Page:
Ornate carved Doors - from Gujarat to Zanzibar, Tanzania

  • By Nitin Kotak
  • December 5, 2023
  • See lovely pictures of Ornate Doors in Zanzibar and briefly know about the historical ties between India and Tanzania.

Ornate carved doors can be seen in many parts of India; but I have never seen such a large number in any one place as I did in the magical winding lanes of the World Heritage Site of Stone Town in Zanzibar, Tanzania.

Stone Town, an old trade center with mosques and winding lanes, is the historical center and cultural heart of Zanzibar. As a primary trading post on the spice, silk, and slave trade routes for over a millennium, it has been a unique meeting place blending African, Indian, Arabian and European cultures.


Sifra Lentin wrote in GatewayHouse.in, “The ancient links with the west coast of India and East Africa, and Zanzibar in particular, began with trade during the 16th to 18th centuries. The independent Kutch and Saurashtra ports, and the Mughal port of Surat, had mercantile ties with the Gulf and Red Sea Arabs and expanded to the East African coast as far south as Mozambique.  India exported textiles, indigo, wheat, rice, and leather goods, while Zanzibar supplied slaves, small quantities of ivory, and gum copal to these kingdoms.”


These old ties could be the reason why India decided to set up the first overseas campus of Indian Institute of Technology Madras in Zanzibar.


Stone House gets its name from the ornate houses built with local stone by Arab traders and slaves during the 19th century.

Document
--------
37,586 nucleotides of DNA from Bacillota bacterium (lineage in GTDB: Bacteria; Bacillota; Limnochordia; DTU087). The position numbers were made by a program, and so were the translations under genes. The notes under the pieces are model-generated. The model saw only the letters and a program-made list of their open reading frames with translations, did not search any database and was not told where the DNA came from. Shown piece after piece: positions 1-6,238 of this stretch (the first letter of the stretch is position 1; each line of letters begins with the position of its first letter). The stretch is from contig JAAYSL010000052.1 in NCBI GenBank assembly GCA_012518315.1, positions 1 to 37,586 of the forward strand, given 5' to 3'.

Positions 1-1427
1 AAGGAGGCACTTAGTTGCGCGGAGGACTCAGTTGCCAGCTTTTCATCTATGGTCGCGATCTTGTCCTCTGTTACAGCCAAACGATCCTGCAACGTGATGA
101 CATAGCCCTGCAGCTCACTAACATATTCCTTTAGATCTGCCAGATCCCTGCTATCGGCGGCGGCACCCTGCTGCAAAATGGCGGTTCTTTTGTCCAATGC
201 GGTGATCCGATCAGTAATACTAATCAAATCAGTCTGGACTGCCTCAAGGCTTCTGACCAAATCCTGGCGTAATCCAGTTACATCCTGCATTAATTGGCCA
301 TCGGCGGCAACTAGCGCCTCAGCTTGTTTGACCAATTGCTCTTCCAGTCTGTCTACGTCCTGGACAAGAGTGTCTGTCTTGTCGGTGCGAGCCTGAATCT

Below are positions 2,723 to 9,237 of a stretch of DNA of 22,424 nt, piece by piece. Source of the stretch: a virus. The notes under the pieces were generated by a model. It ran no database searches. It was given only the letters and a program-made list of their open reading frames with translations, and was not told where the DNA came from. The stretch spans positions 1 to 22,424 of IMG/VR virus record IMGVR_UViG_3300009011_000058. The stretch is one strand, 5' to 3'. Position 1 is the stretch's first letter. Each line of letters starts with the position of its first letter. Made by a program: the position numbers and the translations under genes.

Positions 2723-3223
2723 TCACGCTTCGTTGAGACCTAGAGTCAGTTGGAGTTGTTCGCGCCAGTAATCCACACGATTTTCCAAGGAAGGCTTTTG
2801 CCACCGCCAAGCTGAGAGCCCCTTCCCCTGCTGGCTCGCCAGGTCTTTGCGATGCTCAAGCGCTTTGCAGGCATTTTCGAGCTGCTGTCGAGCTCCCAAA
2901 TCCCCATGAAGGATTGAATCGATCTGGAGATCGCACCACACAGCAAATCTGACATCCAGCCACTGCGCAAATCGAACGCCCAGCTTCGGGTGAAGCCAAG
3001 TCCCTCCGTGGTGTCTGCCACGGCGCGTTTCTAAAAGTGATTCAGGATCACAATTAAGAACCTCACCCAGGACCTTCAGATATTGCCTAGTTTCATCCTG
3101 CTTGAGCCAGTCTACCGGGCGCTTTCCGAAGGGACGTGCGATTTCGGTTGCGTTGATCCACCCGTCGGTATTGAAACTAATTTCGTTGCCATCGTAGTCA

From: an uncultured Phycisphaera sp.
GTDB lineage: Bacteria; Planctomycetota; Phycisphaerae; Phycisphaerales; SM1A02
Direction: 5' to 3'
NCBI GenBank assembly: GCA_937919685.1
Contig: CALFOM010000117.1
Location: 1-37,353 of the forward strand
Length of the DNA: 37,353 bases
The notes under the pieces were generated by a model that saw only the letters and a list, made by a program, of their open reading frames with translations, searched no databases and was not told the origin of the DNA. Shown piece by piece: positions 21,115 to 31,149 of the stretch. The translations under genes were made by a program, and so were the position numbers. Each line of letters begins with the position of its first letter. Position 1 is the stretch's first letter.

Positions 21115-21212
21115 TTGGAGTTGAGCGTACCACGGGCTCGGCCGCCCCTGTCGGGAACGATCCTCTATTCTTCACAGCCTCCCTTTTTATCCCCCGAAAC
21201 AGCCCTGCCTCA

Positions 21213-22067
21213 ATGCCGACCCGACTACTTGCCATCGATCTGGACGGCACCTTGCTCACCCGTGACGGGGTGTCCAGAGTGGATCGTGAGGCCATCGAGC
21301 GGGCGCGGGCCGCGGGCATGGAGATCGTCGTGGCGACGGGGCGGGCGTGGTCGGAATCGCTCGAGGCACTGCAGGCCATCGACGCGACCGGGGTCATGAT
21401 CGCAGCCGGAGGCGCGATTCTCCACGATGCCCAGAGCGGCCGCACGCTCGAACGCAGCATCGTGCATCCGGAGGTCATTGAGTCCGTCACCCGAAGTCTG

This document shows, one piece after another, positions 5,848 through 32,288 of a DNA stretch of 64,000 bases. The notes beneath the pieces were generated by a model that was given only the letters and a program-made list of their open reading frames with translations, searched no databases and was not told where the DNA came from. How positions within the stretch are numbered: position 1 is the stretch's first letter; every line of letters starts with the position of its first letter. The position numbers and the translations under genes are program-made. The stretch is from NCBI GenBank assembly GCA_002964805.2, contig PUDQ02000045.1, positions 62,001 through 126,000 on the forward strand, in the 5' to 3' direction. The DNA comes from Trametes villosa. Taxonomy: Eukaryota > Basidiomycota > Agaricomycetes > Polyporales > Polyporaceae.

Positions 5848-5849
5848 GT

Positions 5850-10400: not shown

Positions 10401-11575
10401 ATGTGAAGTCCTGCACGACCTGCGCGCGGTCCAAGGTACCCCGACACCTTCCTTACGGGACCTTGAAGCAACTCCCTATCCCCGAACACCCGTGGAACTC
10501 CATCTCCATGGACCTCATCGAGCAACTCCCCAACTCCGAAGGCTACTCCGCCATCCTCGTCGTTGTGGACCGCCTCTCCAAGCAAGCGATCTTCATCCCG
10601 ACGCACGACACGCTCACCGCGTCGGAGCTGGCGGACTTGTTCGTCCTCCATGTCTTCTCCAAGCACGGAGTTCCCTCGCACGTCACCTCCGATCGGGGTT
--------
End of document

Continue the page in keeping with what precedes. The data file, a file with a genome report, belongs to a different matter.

While the doors stand in stark contrast to the drab, peeling walls they grace, they are impossible to miss anywhere you turn in the winding lanes. They seem to be striking reminders of the affluence that the Town might have enjoyed at one time.

The tradition of carved doors was originally borrowed from immigrant Gujarati Indian trading communities (and this is where the concept of uppar makan, niche dukan seems to have originated - see pictures) - but there are also doors of the Omani style with Koranic inscriptions.

Less than 800 original Zanzibar doors remain today, most dating back to the late 18th and 19th centuries. They are now protected by the Stone Town Conservation and Development Authority.

Here are pictures of doors clicked be me.



Author wife.

There are a lot of other places to see in Zanzibar.

The archipelago boasts of clear turquoise-blue waters, shallow sandbars, the Prison Island, and an ancient Spice Capital of the world.

While in Zanzibar, a visit to the Spice Farm is very informative and almost mandatory! It is still known for the cloves, nutmeg, cinnamon, and black pepper that are grown there.

Also read

1. Bombay’s historic ties with Zanzibar

2. Why so many Gujaratis in East Africa Video 4.36 minutes

3. India and Africa Historical Bonds with special references to Kutchis in Zanzibar

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